More than 26 million people in the United States suffer from diabetes. Many of these lose feeling in their feet, which can lead to ulcers that if untreated, can get infected. According to the Center for Disease Control, every 20 seconds a diabetes patient somewhere has a limb amputated as a result of such infections.

Researchers at the University of Arizona Department of Surgery have been working on a possible solution based on wearable technology. Their approach relies on socks that have pressure sensors built in, so that doctors can monitor potential problem spots on the feet of individual patients. Using fiber optics and other sensors, the socks can also monitor temperature and joint angles. This additional information can detect changes in range of motion and other signs that could help predict where ulcers might form.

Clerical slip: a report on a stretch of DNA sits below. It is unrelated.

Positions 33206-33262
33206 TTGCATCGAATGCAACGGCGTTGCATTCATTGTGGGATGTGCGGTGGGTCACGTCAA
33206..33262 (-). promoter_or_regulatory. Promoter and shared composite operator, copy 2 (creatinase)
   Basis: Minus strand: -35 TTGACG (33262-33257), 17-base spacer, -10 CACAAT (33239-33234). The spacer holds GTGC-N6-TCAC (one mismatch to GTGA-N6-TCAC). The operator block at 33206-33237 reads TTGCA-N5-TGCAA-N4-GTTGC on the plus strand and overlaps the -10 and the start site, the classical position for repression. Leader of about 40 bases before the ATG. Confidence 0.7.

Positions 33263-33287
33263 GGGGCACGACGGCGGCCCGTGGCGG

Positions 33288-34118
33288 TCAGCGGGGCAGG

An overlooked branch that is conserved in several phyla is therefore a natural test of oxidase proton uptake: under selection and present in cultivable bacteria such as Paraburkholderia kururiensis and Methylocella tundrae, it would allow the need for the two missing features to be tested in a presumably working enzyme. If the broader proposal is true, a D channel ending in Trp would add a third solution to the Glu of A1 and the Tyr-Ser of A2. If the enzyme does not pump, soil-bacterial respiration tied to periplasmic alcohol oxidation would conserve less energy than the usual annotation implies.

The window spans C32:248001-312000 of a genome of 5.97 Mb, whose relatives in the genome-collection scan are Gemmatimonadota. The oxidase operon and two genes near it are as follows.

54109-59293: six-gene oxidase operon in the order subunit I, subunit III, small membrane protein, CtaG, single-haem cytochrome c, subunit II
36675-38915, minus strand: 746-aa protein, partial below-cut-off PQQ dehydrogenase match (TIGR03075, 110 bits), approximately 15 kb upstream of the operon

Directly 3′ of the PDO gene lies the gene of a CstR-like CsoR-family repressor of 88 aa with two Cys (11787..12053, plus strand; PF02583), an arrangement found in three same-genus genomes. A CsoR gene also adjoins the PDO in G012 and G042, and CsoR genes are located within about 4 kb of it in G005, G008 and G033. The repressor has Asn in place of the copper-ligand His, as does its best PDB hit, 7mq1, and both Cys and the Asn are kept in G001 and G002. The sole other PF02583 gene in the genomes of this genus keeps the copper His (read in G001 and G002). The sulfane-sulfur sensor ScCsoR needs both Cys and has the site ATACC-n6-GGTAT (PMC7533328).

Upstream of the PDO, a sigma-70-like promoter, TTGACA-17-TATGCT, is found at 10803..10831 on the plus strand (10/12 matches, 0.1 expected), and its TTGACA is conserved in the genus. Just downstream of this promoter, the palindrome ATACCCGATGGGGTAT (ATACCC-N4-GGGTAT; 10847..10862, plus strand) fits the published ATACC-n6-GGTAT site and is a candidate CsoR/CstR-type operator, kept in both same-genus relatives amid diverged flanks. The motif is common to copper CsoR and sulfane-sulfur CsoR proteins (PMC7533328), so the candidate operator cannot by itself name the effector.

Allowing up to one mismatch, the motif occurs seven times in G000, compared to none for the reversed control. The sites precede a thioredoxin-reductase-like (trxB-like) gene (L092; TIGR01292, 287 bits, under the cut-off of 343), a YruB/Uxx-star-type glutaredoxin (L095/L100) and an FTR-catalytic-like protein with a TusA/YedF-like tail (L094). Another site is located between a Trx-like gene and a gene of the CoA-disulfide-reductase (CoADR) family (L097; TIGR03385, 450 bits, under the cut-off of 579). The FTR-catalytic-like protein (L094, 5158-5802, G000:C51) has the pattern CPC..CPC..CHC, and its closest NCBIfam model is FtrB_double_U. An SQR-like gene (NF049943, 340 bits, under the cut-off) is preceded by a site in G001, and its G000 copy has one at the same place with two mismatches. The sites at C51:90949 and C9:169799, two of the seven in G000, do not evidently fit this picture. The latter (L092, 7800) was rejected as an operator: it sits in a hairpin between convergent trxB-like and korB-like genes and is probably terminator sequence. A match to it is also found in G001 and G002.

The result could be earlier detection and treatment of foot problems, which in turn would reduce the chance of infection and eventual amputation.

The research is being conducted as a collaboration between UA’s Southern Arizona Limb Salvage Alliance (SALSA), the Interdisciplinary Consortium on Advanced Motion Performance (iCAMP), and Hamad Medical Corporation (Doha-Qatar). The project has received more than US$2.2 million in grants from the Qatar National Research Fund.